Event spotlights undergraduate research
By Grace Afsari Mamagani, The Dartmouth Staff
Published on Friday, May 21, 2010
Primates’ facial expressions, the potential of exercise to raise academic achievement and the biochemistry of cancer cells have been among the topics tackled by undergraduate researchers at the College over the past year. Students presented their findings in a poster symposium at the 19th Annual Celebration of Undergraduate Research in the Sciences at the Karen E. Wetterhahn Science Symposium Thursday afternoon.
University of Colorado astrophysical and planetary sciences professor Fran Bagenal delivered the keynote speech, which focused on how astrophysics research will explore planetary mysteries such as polar auroras on Jupiter and the possibility of life on the moon Europa.
In her keynote, “Erupting Volcanos and Dazzling Auroras: Exploring the Planets,” Bagenal told students and other members of the Dartmouth community that the many unknowns of planetary studies demonstrate the continued need for exploration and experimentation by a new generation of scientists. She added that once students identify questions they are passionate about, they should pursue them wholeheartedly.
“Don’t be intimidated by other people’s qualifications,” Bagenal said. “What’s important is that you think carefully about things, that you find a problem that you’re really interested in and ask good questions.”
When the Voyager spacecraft was launched in 1977, Bagenal was a graduate student at the Massachusetts Institute of Technology.
“I got caught up in understanding how magnetic fields work, and that’s what really led me on this path of exploring different objects in the solar system,” she said.
To generate a magnetic field, a planetary body must have a liquid and conductive spinning region with adequate energy, Bagenal said. On Jupiter, which has no solid surface, the inner pressure is so great that molecular hydrogen splits into protons and electrons that conduct electricity.
“Take a thousand elephants standing on one foot on a stiletto heel,” Bagenal said. “That’s the pressure of the interior of Jupiter. And that’s were hydrogen becomes metallic.” When disruptions from the sun hit the magnetosphere — particularly during stormy conditions — auroras, or regions of luminous ionized gas in the atmosphere, result, according to Bagenal.
“There are about two megatons of material trapped in the magnetic field of Jupiter,” Bagenal said. “As the particles move out, the angular momentum is transferred from the spinning planet to the material, eventually creating an aurora.”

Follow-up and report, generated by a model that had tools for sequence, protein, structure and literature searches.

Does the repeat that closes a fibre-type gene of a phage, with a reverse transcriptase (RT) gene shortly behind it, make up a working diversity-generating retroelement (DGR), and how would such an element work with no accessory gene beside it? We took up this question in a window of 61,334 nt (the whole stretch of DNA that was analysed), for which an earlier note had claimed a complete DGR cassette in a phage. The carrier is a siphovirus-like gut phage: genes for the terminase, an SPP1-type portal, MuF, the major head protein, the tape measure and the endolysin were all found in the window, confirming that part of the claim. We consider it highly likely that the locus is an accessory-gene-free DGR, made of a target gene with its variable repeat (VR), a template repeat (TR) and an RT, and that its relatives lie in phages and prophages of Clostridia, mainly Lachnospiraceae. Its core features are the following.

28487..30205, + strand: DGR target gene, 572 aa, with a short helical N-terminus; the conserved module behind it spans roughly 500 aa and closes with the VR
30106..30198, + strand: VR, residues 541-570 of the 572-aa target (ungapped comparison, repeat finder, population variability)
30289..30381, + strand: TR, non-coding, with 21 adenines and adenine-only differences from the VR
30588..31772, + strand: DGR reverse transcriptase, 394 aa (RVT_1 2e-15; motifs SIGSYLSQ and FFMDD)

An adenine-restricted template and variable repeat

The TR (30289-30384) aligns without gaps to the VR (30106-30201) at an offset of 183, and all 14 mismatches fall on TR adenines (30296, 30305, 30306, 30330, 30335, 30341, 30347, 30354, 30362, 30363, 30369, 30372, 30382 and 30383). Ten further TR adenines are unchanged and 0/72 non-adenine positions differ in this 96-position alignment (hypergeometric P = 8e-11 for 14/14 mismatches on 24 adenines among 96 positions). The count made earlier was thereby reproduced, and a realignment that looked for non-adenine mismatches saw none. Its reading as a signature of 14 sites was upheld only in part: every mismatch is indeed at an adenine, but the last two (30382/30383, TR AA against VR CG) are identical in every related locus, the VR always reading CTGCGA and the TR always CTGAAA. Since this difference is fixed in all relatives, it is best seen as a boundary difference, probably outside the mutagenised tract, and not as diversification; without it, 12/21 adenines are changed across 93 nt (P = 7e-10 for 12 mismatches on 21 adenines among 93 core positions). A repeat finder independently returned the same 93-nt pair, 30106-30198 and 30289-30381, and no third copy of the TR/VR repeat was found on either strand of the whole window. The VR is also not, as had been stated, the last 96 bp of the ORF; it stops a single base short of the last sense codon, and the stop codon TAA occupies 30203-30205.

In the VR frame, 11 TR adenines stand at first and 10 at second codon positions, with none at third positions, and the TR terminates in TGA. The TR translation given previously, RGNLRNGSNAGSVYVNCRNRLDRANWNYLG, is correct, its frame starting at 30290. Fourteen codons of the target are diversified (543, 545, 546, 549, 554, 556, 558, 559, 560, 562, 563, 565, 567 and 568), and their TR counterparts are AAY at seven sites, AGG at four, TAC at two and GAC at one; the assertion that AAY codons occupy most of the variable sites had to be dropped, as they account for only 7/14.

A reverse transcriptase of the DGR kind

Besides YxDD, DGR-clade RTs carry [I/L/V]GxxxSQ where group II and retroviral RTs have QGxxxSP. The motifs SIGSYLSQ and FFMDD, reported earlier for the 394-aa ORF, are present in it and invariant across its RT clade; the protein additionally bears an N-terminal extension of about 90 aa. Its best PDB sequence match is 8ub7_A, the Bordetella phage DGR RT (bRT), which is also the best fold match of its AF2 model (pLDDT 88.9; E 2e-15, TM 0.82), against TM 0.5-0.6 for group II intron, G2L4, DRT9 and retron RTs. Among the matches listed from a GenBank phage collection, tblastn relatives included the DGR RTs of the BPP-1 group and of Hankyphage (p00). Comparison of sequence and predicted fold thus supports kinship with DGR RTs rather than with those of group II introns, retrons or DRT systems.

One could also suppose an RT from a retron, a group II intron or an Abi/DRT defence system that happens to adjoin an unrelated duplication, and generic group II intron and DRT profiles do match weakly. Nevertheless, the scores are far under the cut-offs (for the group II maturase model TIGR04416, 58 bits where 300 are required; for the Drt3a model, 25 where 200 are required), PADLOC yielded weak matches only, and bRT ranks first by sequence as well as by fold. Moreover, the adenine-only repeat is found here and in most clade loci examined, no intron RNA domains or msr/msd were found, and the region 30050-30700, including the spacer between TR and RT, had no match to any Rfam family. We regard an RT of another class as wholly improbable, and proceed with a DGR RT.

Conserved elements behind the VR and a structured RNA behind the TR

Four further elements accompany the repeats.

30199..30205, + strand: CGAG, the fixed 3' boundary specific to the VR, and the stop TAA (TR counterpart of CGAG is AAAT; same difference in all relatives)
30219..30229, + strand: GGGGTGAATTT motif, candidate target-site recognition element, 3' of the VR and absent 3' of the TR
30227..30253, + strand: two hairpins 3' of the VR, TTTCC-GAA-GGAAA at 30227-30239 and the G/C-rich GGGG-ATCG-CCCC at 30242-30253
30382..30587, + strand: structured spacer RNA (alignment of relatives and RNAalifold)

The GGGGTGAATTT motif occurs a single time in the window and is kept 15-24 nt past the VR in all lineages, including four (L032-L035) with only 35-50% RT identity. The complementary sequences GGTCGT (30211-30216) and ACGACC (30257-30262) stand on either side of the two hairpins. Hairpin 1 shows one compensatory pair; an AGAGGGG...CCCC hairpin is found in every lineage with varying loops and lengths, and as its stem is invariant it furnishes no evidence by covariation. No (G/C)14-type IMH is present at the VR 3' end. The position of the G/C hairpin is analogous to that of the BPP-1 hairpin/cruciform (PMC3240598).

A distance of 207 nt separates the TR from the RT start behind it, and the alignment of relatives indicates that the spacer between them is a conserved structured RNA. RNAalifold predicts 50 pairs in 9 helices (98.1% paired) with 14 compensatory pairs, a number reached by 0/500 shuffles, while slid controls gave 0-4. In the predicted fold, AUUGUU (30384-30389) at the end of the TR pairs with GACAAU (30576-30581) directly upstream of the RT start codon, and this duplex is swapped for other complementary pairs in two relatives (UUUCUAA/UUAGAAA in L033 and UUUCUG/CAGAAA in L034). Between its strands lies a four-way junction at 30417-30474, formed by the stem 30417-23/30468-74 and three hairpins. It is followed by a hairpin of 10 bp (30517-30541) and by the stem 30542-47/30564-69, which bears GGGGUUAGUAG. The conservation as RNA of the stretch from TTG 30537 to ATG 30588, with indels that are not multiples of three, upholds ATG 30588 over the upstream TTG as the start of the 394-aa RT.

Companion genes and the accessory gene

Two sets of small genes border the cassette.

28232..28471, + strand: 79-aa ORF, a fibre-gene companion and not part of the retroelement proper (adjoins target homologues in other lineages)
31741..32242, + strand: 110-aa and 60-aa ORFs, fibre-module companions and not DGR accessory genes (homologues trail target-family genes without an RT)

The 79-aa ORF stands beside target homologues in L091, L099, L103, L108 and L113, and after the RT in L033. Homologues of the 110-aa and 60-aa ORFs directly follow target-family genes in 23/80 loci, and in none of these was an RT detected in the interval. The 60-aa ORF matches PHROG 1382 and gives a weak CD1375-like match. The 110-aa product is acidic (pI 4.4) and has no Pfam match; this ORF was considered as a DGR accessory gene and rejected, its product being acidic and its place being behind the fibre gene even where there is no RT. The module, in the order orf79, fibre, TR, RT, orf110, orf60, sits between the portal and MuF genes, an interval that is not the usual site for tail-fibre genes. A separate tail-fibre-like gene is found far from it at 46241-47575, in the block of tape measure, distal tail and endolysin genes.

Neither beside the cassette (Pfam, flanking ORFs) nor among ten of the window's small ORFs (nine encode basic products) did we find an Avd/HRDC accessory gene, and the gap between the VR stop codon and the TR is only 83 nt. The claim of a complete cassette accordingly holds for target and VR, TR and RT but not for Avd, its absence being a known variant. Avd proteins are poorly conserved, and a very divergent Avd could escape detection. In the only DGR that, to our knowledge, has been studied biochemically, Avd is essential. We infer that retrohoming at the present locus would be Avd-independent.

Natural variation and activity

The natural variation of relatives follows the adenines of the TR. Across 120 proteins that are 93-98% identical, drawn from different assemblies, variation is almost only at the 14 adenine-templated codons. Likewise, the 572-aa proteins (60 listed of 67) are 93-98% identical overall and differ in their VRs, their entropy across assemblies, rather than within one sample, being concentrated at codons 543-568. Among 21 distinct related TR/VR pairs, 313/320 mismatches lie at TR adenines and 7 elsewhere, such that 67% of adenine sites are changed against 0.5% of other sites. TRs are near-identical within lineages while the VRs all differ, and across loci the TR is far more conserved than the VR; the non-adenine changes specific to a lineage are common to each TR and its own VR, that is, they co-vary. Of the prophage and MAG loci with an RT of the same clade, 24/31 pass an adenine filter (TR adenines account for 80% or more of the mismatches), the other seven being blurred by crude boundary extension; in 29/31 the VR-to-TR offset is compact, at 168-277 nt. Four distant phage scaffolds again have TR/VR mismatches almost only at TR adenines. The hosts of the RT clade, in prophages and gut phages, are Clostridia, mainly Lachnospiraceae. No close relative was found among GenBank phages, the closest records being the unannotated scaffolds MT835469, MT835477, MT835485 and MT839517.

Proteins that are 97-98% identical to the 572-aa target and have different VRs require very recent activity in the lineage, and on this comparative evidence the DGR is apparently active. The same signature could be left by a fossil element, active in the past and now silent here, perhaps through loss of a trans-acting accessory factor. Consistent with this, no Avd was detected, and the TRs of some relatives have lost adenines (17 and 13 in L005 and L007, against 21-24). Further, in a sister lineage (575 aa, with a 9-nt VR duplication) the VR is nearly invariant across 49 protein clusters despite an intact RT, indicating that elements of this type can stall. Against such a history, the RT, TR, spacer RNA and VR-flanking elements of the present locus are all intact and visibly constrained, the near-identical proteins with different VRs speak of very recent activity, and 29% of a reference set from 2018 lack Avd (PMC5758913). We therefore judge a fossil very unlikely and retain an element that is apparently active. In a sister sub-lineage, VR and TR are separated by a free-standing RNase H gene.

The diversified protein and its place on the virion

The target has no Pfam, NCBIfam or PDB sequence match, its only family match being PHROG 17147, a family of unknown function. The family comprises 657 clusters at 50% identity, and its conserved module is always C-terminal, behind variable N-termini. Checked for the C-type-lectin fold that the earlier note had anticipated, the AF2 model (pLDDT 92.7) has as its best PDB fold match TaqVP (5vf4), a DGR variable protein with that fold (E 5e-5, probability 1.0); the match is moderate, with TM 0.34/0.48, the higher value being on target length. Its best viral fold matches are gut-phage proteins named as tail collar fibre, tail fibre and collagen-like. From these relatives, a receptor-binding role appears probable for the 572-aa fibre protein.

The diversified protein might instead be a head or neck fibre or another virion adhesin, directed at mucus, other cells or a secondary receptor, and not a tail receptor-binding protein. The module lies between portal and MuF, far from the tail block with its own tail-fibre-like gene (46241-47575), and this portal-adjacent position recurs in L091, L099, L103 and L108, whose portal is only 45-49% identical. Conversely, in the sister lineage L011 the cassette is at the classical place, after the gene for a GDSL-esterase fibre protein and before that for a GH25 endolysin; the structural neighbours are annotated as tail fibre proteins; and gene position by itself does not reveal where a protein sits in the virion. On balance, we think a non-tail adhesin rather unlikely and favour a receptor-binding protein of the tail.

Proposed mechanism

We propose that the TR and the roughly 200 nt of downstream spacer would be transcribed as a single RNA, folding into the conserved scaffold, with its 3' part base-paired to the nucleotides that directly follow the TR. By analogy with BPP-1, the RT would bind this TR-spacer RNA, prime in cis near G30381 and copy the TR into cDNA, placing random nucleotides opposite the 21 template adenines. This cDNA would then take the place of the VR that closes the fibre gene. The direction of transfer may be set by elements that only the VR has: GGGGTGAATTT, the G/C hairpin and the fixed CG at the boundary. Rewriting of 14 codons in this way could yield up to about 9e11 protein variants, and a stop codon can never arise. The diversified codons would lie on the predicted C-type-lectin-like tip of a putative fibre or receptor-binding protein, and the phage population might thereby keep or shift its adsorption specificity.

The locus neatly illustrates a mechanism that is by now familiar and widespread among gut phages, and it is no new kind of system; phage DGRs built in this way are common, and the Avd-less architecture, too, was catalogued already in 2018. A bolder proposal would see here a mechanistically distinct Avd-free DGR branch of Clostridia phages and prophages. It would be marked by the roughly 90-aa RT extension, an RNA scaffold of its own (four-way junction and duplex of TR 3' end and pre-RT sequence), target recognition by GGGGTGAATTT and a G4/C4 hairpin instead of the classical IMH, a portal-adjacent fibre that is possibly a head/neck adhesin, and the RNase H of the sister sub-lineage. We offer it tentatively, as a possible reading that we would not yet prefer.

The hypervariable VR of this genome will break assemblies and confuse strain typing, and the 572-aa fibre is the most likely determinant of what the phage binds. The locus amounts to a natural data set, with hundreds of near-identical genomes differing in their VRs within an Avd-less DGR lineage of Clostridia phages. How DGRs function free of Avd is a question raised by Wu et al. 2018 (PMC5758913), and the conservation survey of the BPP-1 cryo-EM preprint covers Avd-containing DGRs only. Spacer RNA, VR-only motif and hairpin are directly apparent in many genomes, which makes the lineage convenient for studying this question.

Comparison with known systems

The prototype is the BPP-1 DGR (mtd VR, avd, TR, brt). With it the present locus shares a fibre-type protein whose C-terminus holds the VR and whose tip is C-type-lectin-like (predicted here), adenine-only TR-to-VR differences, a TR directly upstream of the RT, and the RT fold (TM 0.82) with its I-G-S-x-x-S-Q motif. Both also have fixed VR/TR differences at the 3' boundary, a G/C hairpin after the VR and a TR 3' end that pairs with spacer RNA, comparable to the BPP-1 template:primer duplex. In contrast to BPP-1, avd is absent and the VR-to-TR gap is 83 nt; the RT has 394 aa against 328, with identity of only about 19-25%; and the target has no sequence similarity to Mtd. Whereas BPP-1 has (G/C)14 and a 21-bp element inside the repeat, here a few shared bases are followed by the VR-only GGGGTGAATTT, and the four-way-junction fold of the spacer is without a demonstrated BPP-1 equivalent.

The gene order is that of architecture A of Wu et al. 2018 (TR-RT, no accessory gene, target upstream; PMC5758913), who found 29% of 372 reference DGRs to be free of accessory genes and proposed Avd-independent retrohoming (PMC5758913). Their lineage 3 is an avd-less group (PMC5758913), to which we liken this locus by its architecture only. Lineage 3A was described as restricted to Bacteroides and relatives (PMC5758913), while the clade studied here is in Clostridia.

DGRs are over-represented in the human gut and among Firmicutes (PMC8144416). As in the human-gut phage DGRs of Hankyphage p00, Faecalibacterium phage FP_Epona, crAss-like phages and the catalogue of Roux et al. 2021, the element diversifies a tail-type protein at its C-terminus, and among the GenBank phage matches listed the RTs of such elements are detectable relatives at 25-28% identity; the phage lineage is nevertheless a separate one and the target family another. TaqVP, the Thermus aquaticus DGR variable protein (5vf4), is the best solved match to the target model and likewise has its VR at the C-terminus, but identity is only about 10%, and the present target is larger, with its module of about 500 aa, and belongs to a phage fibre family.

Jupiter’s auroras fall into three categories — the moon aurora, the steady main aurora that results from spinning plasma and the variable polar aurora, according to Bagenal.
Bagenal said that fellow researchers are currently exploring ways to gain a better understanding of Jupiter’s composition. NASA’s New Frontiers Program, for instance, is constructing the spacecraft Juno, scheduled to launch in summer 2011. Juno will explore the planet’s poles to examine the causes of Jupiter’s polar aurora.
Following Bagenal’s address, over 100 undergraduate researchers ranging from freshmen involved in the Women in Science Project to senior thesis students presented their findings in a poster showcase in Fairchild Tower. Students’ research spanned a wide variety of science and social science disciplines.
Jennifer Bares ’12, a Howard Hughes Medical Institute fellow, presented her research on brain activity in response to exposure to familiar and unfamiliar numbers. Working with education professor Lisa Temple, Bares exposed subjects to random numbers, as well as numbers associated with important historical events, in order to monitor reactions in the brain’s intraparietal sulcus, a portion of the brain related to perceptual-motor coordination.
“All the presenters here work with faculty members, and sometimes with graduate students, allowing for a great deal of collaboration,” Bares said.
Presidential Scholar Sondra Downey ’11 displayed her findings on the effects of shutting down various catalytic sites of proteasomes, protein complexes involved in cancer.
“I think the symposium is a great experience,” Downey said. “I’m really here because I want to do a senior thesis next year, and it’s good to actually have to put something like this together. Having to present and explain your research helps you to remember all your experiments.”
Women in Science intern Elise Smith ’13 studied the correlation between exercise and academic performance in her work as an intern with the College’s education department. Smith found that low-income students, who traditionally perform worse than high-income students academically, surpassed wealthy students after intense exercise sesions.
“I had an amazing time,” Smith said. “My partners and I were able to go through every step together — we went to the schools, we performed the tests on the students and we’re analyzing the results. That’s not something you get to do at every school.”
Thesis candidate Rachael Kandath ’10, who studied the relationship between facial muscles and expressions in primates, said that the symposium allowed student researchers to escape the lab and share their findings.
“Everyone spends all this time researching in labs, and generally no one gets to see it,” she said. “This is a great opportunity for everyone to come out and show off.”